The New York Times Magazine is running Peter Maass' article on Iraq's General Adnan Thabit who commands 5,000 commandos in the new Iraqi army and is the driving force behind Iraq's newest reality show: Terrorism in the Grip of Justice.
The commandos cultivate a vaguely menacing look. They wear camouflage uniforms, but also irregular clothing, like black leather gloves and balaclavas -- not to hide their identities but to inspire fear among the enemy. It is a look I saw among the Serbian paramilitaries who terrorized Croatia and Bosnia during the Balkan wars in the 90's, and it is the look of the paramilitaries that operated in Latin America a decade earlier....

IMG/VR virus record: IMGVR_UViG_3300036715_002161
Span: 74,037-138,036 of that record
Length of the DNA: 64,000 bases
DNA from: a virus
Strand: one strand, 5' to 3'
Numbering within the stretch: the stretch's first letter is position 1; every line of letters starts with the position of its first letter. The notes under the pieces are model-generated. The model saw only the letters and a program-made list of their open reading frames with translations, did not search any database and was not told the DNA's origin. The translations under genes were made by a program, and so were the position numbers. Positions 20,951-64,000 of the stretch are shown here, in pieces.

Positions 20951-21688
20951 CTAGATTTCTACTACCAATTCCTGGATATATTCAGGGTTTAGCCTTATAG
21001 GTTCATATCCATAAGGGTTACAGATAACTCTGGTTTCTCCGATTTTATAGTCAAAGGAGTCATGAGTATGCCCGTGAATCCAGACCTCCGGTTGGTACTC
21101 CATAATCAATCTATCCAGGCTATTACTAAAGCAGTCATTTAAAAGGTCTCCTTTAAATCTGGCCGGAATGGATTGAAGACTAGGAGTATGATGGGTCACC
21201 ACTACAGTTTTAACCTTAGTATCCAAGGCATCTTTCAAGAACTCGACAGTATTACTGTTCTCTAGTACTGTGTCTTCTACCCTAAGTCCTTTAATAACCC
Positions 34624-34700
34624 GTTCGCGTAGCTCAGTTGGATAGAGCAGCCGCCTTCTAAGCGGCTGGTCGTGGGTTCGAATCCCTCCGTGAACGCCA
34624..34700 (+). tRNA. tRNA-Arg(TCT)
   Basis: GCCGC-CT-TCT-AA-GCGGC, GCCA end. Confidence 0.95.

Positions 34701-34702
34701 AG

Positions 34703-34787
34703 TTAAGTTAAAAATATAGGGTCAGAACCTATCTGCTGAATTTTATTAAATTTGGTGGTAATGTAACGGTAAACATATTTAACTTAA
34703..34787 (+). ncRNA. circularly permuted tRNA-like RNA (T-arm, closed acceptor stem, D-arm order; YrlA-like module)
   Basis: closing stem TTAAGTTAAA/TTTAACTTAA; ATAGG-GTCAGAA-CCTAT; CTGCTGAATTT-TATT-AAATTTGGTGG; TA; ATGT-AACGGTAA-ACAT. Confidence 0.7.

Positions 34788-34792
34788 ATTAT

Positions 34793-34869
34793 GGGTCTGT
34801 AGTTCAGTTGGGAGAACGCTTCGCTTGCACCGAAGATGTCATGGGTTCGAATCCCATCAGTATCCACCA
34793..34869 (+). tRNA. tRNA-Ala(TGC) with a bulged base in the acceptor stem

Though the commandos and their American advisers were working together in Samarra, their approaches were decidedly different. The American way of combat is heavily planned, with satellite maps, G.P.S. coordinates and reconnaissance drones. The Iraqi way is improvisational, relying less on honed skills and high-tech than gut instinct and (literally) bare knuckles. It is the Americans who are learning to adapt. At the bottom of printed briefings that American soldiers receive at the bases in Samarra, a quotation from T.E. Lawrence is appended: ''Better the Arabs do it tolerably than that you do it perfectly. It is their war, and you are to help them, not to win it for them.'' |Link|
It's worth a read if you have the time.